Mass Immersion Approach

The Fluency Illusion (And Who to Trust)

The following video is a nice summary of the Dunning–Kruger effect, an important idea for anyone hoping to master a skill.

What I call the Fluency Illusion is essentially the Dunning–Kruger effect projected onto other people:

What I am referring to at 2:51 in the video above is an example of the Dunning–Kruger effect.

You definitely can’t trust advice from people who haven’t accomplished the goal at hand. But you can’t necessarily trust everyone with results either. Many people misinterpret why they have succeeded. Someone may believe they got good at Japanese because they were speaking to Japanese people every day, when in reality, they may have gotten good at Japanese because of the input they were receiving in those conversations, and the fact that they were speaking themselves was irrelevant.

After succeeding, looking back at every single activity you engaged in during the previous portion of your life and concluding exactly which of those activities contributed to your results and which didn’t isn’t so easy. For all they know, they might have gotten good at Japanese because of the kind of yogurt they were eating every morning. This is further complicated by the fact that people may have been doing things they didn’t even realize they were doing. Because we don’t have any true long-term scientific studies which look at MIA-style techniques, no one can pin point exactly what their key to their success was.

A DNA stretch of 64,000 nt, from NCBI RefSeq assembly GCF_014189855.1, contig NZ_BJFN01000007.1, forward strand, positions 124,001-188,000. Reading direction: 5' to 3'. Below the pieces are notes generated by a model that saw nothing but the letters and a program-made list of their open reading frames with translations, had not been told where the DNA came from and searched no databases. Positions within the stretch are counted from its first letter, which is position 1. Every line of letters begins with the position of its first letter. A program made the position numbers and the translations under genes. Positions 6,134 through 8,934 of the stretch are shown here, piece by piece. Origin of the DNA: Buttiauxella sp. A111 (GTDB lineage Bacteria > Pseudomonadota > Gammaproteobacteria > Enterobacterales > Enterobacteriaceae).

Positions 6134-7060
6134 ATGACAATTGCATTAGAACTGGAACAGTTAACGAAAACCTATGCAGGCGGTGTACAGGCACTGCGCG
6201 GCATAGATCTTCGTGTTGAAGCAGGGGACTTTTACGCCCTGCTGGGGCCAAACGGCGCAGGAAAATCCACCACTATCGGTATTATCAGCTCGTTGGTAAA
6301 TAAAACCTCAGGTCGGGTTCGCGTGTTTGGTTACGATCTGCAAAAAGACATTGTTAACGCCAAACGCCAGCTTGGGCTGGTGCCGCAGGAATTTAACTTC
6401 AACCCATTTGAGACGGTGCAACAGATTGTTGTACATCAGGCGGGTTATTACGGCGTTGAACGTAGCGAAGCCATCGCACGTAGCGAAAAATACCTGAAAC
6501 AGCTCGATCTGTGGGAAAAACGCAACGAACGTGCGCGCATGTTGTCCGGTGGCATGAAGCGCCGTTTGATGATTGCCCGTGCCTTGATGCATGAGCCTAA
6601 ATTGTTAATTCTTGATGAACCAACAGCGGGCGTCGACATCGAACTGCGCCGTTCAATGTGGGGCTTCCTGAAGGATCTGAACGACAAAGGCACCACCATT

As far as I can tell, the only way to get around this issue is to talk to many people who have reached the goal, ask them about what exactly they did, and then look for the commonalities between all the different reports. I think you will find that it always has something to do with immersion.